falling every year: from 2,000 in 1999 to 1,300 now. Small dairies
only survive if they can organise their own bottling and supply
customers directly, or if they can add value on farm through cheese
or ice cream.
Just two companies Rank Hovis (part of Tomkins PLC) and Archer
Daniels Midland Milling account for more than 50% of bread ﬂour
milled in the UK; the third largest cereal producer in the EU after
France and Germany. In 2005 12% of the UK cereal area was grown
in Scotland. e main cereal crop in Scotland is barley of which
34% goes into malting and 54% for animal feed. Milling wheat
grown in Scotland is mainly used for biscuit making and also in
distilling and for animal feed. It is therefore unlikely that very much
of the cereal grown is milled locally for food consumption and
although there is available technology for milling cereals on a farm
scale but centralised plants are the norm. While large plant bakeries
supply over 90% of the UK market, craft bakers supply over 90% of
bread in Italy.
Livestock contributed 53% of Scotland’s agricultural output (worth
£1.916 billion) in 2006. Two-thirds of meat processed in Scotland
is sold to the rest of the UK. In value, the cattle sector (beef and
dairy) is the most important. 9 key abattoirs (each with an annual
throughput of over 25,000 animals) account for about 85% of the
total cattle slaughtered in Scotland. Just under 1 million
Scottish sheep were slaughtered in England and Wales between
July 2006 and June 2007. 55% of lambs produced in Scotland are
slaughtered elsewhere in the UK. e majority of prime pigs are
slaughtered within Scotland but the industry is heavily reliant on
a single slaughterhouse.
Successfully run local abattoirs; such as the privately owned in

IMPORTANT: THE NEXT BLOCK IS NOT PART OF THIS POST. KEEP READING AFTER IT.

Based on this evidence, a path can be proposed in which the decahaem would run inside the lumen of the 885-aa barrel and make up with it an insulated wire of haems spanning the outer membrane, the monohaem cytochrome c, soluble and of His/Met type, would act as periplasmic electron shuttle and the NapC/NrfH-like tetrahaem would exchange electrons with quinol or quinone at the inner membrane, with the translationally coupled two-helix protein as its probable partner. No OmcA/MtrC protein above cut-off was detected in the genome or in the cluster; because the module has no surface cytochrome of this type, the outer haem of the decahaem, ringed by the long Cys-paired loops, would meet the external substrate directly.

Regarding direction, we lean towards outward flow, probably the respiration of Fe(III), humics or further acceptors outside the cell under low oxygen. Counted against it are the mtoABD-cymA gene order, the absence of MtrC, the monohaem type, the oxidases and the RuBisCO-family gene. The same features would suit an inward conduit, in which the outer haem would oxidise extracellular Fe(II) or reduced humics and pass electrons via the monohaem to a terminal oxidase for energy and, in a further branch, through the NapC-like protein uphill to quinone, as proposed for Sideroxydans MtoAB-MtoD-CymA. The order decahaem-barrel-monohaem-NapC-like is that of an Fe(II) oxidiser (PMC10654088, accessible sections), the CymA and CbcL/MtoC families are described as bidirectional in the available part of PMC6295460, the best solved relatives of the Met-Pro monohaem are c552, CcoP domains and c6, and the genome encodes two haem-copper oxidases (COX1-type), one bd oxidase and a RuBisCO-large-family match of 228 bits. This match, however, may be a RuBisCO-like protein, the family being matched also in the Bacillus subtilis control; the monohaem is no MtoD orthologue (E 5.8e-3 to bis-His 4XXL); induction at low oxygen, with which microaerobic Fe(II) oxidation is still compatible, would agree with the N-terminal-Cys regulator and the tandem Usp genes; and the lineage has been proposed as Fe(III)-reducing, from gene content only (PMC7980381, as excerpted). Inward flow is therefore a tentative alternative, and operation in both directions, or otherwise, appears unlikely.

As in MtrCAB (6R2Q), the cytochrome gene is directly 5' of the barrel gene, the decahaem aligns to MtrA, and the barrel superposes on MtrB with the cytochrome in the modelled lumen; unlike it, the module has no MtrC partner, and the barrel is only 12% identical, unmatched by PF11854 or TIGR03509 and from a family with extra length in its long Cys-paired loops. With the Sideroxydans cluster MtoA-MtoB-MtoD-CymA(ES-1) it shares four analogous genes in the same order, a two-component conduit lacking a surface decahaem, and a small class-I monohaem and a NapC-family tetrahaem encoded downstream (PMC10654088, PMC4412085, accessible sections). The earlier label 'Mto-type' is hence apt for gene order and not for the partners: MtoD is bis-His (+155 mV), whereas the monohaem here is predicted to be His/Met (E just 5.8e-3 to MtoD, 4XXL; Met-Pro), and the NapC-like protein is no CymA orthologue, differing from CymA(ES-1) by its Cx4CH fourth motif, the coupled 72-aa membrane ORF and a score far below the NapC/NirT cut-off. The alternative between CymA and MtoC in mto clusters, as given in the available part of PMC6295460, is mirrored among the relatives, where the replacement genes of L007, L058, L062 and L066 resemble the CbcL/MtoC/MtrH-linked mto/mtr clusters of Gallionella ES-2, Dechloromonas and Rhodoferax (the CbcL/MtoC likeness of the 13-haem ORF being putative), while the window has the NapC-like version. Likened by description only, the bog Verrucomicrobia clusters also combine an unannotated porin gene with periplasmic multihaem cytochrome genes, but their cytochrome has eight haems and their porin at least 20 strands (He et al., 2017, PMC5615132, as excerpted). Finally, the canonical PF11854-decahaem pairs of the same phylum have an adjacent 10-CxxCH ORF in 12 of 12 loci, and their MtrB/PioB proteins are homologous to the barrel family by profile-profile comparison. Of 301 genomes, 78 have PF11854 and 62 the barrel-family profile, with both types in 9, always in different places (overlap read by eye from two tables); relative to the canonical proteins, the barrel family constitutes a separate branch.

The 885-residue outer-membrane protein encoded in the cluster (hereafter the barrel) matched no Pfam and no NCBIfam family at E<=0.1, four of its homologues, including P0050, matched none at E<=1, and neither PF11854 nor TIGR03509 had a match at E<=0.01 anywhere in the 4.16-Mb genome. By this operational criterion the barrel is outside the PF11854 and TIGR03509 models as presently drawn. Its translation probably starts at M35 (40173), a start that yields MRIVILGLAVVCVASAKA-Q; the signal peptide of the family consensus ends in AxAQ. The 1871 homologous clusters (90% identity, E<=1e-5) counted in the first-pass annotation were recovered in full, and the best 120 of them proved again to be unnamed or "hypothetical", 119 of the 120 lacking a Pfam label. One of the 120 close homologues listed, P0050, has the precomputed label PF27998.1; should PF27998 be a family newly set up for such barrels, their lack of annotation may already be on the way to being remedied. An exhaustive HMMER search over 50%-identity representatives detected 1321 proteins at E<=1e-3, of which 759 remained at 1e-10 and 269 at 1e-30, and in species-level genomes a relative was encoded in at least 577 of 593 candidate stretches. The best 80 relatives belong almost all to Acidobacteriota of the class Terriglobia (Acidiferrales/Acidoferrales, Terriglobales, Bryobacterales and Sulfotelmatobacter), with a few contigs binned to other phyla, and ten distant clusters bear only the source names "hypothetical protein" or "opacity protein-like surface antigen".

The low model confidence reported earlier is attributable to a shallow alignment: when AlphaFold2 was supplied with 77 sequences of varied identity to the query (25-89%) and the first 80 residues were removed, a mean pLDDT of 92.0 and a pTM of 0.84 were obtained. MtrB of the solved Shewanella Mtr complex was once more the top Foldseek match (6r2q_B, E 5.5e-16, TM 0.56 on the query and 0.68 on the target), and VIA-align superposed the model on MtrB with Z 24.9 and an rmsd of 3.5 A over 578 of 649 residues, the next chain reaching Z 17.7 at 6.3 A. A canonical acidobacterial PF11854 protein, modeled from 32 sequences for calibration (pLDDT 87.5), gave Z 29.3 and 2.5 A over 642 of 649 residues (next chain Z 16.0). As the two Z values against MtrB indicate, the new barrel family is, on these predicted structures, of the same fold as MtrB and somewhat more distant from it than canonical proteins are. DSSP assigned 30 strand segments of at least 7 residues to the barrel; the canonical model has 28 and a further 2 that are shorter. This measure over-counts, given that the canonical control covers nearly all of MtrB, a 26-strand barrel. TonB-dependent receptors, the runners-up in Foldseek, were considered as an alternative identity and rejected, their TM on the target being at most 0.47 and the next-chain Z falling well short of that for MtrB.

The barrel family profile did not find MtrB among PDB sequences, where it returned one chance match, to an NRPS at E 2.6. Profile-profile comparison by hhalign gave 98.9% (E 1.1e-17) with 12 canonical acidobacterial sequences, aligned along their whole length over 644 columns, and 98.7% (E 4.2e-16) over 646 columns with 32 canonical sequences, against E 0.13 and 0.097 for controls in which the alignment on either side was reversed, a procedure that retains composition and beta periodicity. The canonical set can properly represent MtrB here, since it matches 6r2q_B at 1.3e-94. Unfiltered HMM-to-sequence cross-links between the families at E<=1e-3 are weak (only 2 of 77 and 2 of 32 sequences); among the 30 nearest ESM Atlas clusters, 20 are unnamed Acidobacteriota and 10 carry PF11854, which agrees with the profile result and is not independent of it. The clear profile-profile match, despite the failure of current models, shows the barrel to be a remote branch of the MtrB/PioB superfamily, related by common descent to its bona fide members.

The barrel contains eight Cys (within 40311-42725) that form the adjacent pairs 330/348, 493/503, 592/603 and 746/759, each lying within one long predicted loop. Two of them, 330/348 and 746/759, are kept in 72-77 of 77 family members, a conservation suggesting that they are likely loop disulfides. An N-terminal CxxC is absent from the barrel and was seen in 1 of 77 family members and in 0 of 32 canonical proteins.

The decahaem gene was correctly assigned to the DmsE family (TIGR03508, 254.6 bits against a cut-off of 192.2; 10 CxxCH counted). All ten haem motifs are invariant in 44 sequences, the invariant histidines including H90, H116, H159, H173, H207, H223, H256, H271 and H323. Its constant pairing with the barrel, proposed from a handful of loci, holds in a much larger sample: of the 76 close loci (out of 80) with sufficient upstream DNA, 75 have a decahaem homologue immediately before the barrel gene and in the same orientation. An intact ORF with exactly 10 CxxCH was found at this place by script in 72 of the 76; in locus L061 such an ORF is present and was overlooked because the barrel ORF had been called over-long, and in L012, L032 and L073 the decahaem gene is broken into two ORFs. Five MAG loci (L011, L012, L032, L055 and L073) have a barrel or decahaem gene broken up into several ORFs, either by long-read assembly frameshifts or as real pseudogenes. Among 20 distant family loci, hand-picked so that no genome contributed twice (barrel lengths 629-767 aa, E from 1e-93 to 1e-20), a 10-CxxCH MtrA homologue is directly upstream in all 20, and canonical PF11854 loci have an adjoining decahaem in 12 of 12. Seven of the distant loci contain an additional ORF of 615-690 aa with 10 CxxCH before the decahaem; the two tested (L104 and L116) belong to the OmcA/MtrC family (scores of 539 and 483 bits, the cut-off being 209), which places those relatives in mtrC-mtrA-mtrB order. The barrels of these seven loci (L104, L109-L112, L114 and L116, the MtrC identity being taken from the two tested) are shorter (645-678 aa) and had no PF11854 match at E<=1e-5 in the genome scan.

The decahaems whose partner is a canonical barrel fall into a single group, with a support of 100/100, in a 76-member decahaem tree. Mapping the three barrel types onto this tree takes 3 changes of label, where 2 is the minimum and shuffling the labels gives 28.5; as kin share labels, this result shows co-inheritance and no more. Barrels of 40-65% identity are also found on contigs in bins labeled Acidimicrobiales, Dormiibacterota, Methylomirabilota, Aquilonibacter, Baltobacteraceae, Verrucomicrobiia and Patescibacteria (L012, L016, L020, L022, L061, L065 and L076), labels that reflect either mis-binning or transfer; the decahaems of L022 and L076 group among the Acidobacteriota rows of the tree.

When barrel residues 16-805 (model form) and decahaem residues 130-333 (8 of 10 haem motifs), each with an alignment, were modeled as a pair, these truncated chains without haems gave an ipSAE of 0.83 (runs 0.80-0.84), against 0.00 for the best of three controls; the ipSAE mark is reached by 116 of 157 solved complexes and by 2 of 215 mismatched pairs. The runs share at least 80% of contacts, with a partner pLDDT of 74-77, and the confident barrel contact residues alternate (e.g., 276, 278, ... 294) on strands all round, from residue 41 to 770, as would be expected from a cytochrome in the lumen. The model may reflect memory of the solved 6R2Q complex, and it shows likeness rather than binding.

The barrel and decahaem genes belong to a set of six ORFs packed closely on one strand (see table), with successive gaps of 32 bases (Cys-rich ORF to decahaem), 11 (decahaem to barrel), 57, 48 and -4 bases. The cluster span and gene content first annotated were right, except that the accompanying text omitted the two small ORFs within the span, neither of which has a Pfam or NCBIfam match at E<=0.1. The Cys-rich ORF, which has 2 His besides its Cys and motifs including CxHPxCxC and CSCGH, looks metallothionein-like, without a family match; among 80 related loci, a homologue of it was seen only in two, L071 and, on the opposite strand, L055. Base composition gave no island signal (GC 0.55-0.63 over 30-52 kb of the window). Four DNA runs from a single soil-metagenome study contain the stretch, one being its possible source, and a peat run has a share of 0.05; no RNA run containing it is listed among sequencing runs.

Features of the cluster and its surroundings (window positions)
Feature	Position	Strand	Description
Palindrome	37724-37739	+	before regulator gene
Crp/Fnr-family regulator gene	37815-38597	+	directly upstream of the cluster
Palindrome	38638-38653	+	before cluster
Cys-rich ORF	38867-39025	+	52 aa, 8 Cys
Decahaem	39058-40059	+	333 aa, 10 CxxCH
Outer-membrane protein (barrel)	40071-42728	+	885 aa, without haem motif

the island of Barra, the community owned in Mull and the one
in Dalbeattie owned by a co-operative are good news for the
decentralisation of food infrastructure. Shorter supply chains give
the farmer a greater choice for marketing their produce, connect
directly with local consumers and add value to their own livestock
through branding. Additionally animal welfare and bio-security is
also improved. As suggested by the Leadership Forum, who helped
to design Scotland National Food and Drink Policy: “ e Scottish
Government should continue its investment in the food production
and processing industries, particularly where this supports resilience
in fragile supply chains”.
FACED WITH THE CHALLENGES OF
CLIMATE CHANGE, FOOD SECURITY, &
ENVIRONMENTAL DEGRADATION; WE SHOULD BE
CLEAR & COHERENT ABOUT THE MODEL OF DEVELOPMENT
WE WANT FOR OUR FOOD SYSTEM IN SCOTLAND:
Disconnection model: highly centralised and dominated by
large processing, trading and retail companies and highly dependant
on global trade and markets. is model is characterised by the increasing
disconnection between how food is produced and consumed, and
disconnected of local ecosystems and regional societies.
Connection model: more autonomous and less commodiﬁed.
It is based on the ecological capital of farming, the reproduction
of short and decentralised supply chains and on building links
between consumers and producers.
1. Food Sovereignty Framework: Concept and Historical Context.
Download PDF www.tiny.cc/FM_7_1
2. Some of these statistics have been extracted from:
· Tulip, k. and Michacls, L. (2004). A rough guidc to thc Uk larming crisis. Corporatc Vatch.
· Ritchic, P., Martíncz, M.T. (2010). Cur Mutual Food. Cnc Planct Food.
Download PDF www.tiny.cc/FM_7_2
3. Leadership Forum Report: Development of the National Food and Drink Policy.
Download PDF www.tiny.cc/FM_7_3
4. More information: Van der Ploeg, J.D. (2008). e new Peasantries: Struggles for autonomy
and sustainability in an era of empire and globalisation. London: Earthscan.
BLASDA IS GAELIC FOR TASTE, OR FLAVOUR. IN 2011 FIFE DIET TESTED
OUT AN IDEA TO HOLD ‘BLASDA: SCOTLAND’S LOCAL FOOD FEAST’ AS
A CELEBRATION OF FOOD SOVEREIGNTY.
e idea was simple, let’s ﬁnd out what each region ‘tastes like’. Let’s create an
opportunity for regional food celebrations and a ‘local food feast’ in multiple
locations at the same time.
We invited communities as diverse as Uist and Possil, Kirkcaldy
and Moﬀat, to participate. 12 core communities were invited to
join and each of these were featured in a pamphlet we created for